The only problem was that I was supposed to inject myself with these drugs and I just couldn't do it.  I tried and I failed.  The Fella tried and he failed.  Neither of us could do it.  I sat at our dining table, drugs and syringes laid out in front of me like some kind of serious drug addict and I could not overcome 40 years of needle phobia and neither of us could overcome our conditioning not to hurt ourselves (or anyone else) on sharp, pointy objects.  Either we would think that we were pushing the needle in but it turned out that we were not (as it wouldn't go in, just created a dent in the skin) or it would just pierce the skin with a sensation that felt (both to me and the Fella) like a ballpoint pen being pushed dully through a piece of clingfilm.  Whereapon we'd either recoil in panic (dropping the syringe on the floor, contaminating it and wasting our drugs) or not be able to push the rest of the needle in.

I phoned the hospital and explained our problem.  Luckily, the nurses have come across people like us before.  So I had to go into the hospital every afternoon for the remainder of our IVF cycle to get a nurse to do my jabs for me.  Pathetic but true.  Personally, I found that the drugs stang after they were injected.  By the time I reached the egg harvesting stage, my abdomen sported a whole constellation of scattered injection bruises, my hormonal balance had been so upset I was a raging basket case and my ovaries felt like they were trying to bulge rudely (and uncomfortably) out of my pelvis.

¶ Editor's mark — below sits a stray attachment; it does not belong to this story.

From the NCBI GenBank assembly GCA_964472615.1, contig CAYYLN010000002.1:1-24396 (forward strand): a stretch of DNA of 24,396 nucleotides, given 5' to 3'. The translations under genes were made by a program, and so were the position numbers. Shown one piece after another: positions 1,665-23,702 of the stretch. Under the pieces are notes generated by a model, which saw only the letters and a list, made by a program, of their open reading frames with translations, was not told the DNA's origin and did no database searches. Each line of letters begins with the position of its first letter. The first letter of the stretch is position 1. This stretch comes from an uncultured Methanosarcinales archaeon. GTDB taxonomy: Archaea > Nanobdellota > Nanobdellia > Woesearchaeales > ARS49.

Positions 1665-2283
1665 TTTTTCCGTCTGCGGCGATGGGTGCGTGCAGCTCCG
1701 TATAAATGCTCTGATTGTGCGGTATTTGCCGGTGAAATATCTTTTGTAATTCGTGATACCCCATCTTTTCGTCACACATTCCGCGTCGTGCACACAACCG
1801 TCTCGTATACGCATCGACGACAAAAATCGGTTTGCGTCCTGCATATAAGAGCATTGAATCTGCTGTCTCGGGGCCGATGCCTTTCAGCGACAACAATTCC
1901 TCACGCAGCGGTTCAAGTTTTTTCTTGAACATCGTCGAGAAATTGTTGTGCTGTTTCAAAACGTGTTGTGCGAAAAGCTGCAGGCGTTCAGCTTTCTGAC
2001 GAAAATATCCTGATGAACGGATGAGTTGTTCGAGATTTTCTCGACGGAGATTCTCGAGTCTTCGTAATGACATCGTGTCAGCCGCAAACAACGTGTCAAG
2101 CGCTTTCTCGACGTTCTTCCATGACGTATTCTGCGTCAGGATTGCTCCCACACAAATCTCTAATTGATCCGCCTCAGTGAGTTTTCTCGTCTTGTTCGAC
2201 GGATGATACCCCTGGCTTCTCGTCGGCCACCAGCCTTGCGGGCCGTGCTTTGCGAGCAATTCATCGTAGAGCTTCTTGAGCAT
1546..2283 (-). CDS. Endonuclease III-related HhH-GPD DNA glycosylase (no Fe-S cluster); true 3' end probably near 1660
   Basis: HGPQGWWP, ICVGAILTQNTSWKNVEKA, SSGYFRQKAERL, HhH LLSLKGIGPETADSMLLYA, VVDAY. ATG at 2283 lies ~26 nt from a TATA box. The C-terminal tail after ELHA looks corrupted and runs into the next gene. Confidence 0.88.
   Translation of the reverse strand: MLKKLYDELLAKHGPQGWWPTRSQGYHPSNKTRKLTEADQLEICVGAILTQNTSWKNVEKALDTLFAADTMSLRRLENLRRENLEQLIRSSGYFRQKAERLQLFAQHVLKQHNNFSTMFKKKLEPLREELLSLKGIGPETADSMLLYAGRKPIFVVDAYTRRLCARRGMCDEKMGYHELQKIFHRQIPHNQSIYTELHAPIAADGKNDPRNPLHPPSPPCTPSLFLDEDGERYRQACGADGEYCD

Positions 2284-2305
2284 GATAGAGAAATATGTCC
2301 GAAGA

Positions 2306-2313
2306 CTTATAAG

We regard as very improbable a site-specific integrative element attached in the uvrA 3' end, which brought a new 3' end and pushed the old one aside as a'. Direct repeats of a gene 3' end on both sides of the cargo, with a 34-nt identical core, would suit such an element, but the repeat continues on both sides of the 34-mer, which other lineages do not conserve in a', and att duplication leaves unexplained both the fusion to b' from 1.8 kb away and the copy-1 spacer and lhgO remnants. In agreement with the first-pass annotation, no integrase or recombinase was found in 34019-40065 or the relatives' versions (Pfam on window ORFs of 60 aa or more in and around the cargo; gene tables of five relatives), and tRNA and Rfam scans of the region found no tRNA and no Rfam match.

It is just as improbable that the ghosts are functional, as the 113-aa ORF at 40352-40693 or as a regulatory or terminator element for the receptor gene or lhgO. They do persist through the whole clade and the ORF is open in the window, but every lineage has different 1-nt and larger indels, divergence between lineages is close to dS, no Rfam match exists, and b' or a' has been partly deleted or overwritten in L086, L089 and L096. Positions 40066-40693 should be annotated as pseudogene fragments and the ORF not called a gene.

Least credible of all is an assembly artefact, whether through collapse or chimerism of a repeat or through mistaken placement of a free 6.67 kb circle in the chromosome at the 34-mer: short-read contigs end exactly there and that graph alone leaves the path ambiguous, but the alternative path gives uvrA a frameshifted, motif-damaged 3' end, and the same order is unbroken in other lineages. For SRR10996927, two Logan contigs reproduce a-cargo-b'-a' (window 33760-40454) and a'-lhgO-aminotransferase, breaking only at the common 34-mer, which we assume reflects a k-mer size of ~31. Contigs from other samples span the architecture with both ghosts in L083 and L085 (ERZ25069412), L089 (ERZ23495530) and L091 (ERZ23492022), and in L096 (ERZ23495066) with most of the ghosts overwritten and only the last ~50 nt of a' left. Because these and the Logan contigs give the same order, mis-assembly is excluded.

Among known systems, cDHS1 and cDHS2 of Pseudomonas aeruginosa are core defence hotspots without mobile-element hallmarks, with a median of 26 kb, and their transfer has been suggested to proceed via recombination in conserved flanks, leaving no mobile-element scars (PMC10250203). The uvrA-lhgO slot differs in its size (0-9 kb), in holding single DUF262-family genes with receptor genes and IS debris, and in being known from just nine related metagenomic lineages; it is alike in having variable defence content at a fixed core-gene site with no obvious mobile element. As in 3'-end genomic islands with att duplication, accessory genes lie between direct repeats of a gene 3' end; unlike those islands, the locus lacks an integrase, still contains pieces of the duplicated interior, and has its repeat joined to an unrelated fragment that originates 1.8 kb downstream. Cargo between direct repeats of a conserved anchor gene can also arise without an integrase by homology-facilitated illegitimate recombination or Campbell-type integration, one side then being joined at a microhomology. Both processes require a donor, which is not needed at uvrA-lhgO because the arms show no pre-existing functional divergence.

On top of the injections, from Day 3 of the IVF cycle onwards, I had to be at the hospital at 8am every other morning for a blood test and a vaginal ultrasound.  The Fella nicknamed this 'The Breakfast Club'.  I didn't really speak to any of the other women that I met in the Breakfast Club blood test corridor or ultrasound waiting room.  Other than the odd smile and nod of recognition, we were all very quiet.  Towards the end of the cycle, this became a daily appointment.  The blood tests were just more needle misery that I pretended to be stoic about and the ultrasound became affectionately known in our household as the 'light sabre treatment'.  I have to be honest, it was silent, but somehow it really helped me to imagine the light sabre noise in my head as I could feel the ultrasound probe swinging first to the left and then to the right in order to scan my ovaries so that the specialist could count how many egg follicles they were producing.  By helping, I mean that it distracted me from the fact that I was reclining on a chair, knickers off, socks on, covered in a modesty sheet, being probed by a piece of hospital ultrasound equipment.